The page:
New Bluetooth Implant Helps Deaf People Hear

Tweak your hearing with a smartwatch

Key Takeaways

  • A new type of implanted hearing device conducts sound through the bones of the skull and can be controlled via an app. 
  • The Cochlear Osia 2 System was approved by the FDA last year. 
  • The device bypasses damaged areas of the natural hearing system to send sound vibrations directly to the inner ear.
A person using the Osia 2 System appears to be listening to the world.
Choclear Ltd.

A new type of implanted hearing device that conducts sound through the bones of the skull is letting some partially deaf people listen to sounds properly for the first time. 

The Cochlear Osia 2 System implant is a type of hearing aid that can be adjusted via Bluetooth and an app. The device was approved by the FDA last year and works by using digital piezoelectric stimulation to bypass damaged areas of the natural hearing system to send sound vibrations directly to the inner ear. 

"The big difference with the new device is that, while the driver is under the skin, it still provides the high output power and gain of previous technologies that were external, which translates into better hearing," Dr. Laura Brainard, who was part of a team which recently implanted the device in a patient at Henry Ford Health System in Detroit, said in an email interview. 

Bluetooth is a Gamechanger

Previous hearing devices that use bone conduction are located above the skin. They use a pin that sticks out of the skin, which is more susceptible to infections and minor complications, according to Dr. Brainard.

Caroline Leak, the co-director of WISE Ambassadors, a nonprofit dedicated to connecting cochlear implant recipients, said in an email interview with Lifewire that she had experienced firsthand the drawbacks of earlier implants.

Wise has herself used four models of implants. "Over my life, I’ve watched the processor shrink in size, increase in power, improve in quality of sound, and include Bluetooth capability," she said. "That one has truly been a game-changer for me. I don’t dread phone calls anymore. I listen to music and podcasts constantly. It’s amazing and made my interactions with technology so much better, clearer, and easier."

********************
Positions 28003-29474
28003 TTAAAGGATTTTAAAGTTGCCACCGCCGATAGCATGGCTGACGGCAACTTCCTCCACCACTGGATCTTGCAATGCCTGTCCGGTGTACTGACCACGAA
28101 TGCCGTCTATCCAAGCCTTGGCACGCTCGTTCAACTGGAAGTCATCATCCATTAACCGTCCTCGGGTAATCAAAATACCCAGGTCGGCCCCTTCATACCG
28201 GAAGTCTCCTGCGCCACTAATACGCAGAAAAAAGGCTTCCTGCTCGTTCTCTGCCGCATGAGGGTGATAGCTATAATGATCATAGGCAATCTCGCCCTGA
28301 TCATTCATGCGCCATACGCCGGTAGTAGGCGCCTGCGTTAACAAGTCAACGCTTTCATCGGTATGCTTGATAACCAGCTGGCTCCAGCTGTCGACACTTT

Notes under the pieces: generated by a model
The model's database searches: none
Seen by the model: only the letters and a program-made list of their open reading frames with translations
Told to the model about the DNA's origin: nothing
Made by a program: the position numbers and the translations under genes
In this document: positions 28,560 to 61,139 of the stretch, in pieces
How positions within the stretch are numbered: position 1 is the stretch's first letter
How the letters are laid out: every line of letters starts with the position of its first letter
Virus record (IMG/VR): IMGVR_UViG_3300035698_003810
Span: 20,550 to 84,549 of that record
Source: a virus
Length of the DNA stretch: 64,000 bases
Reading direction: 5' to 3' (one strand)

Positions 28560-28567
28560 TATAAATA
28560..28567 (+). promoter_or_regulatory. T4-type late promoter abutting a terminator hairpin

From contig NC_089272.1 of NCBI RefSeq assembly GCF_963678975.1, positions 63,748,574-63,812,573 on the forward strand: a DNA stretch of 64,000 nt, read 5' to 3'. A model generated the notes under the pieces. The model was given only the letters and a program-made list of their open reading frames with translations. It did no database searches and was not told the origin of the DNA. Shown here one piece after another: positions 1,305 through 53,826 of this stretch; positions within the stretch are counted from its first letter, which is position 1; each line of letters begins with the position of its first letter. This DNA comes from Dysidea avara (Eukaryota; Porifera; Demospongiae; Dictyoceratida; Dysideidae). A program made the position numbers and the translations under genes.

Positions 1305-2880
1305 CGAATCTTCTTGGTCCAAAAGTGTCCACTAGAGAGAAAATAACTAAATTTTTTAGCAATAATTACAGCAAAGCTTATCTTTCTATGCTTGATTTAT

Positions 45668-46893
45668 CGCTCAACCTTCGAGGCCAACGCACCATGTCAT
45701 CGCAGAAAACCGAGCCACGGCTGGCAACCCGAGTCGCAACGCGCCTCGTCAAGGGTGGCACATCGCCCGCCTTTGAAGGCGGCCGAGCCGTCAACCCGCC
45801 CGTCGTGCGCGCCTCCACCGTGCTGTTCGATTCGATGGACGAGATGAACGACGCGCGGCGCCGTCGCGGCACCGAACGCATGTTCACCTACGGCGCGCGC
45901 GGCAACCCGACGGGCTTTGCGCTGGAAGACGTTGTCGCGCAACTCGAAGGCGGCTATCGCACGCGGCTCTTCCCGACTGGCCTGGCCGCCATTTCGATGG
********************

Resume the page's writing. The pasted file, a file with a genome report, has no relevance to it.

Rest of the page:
Cochlear Osia OS1200 implant.
Cochlear Ltd.

The thin profile of the Cochlear Osia 2 System helps to simplify surgery for the system, the manufacturer says. On the outside, the system’s processor captures sounds and sends both the sound signal and power to the internal implant. 

The new Osia Smart App lets the user adjust the sound processor via Bluetooth from a compatible smartphone or Apple Watch. The sound processor comes with five changeable color cover options. It’s also dust and moisture resistant, and with an optional waterproof accessory, it can be used in the pool or ocean.

The first patient at Henry Ford to get the new implant was Angela Holland, a nurse. For 50 years, Holland had suffered from single-sided deafness caused by a disease known as cholesteatoma. After surgery to implant the internal portion of the device under the skin, the new implant was activated by an audiologist, who connected the device’s external sound processor and calibrated it to Holland’s optimal hearing level. 

Patient Hears Husband’s Voice at Her Wedding

Two days after the calibration procedure, she stood at the wedding altar, hearing the voice of her new husband John, during their exchange of vows. "I remember specifically having him stand on my left side where I could hear him with my new implant," Holland said in a news release.

"I cried when I heard John respond 'Absolutely!' when the marriage officiant asked if he would take me to be his wife."

Angela Holland and her husband John celebrate their wedding on October 15, 2020.
Courtesy: Angela Holland / ©Henry Ford Health System

The pandemic created new sound barriers for Holland. "People’s voices were more muffled with a mask," she said. "You can’t see their mouth when they’re talking and read their lips, or they’re standing behind a pane of plexiglass."

Holland said that the implant had made a big difference in her life. "There are so many noises that are out there now," she added. "I could always hear and be able to talk to people and function, but now it’s all these strange sounds that you don’t recognize and are loud and clear, all of a sudden."

The new Cochlear Osia 2 is creating a revolution in the way some deaf people can hear. Having the ability to control the device by Bluetooth is a perk that may seem small, but apparently is making a major difference in the quality of life of patients.

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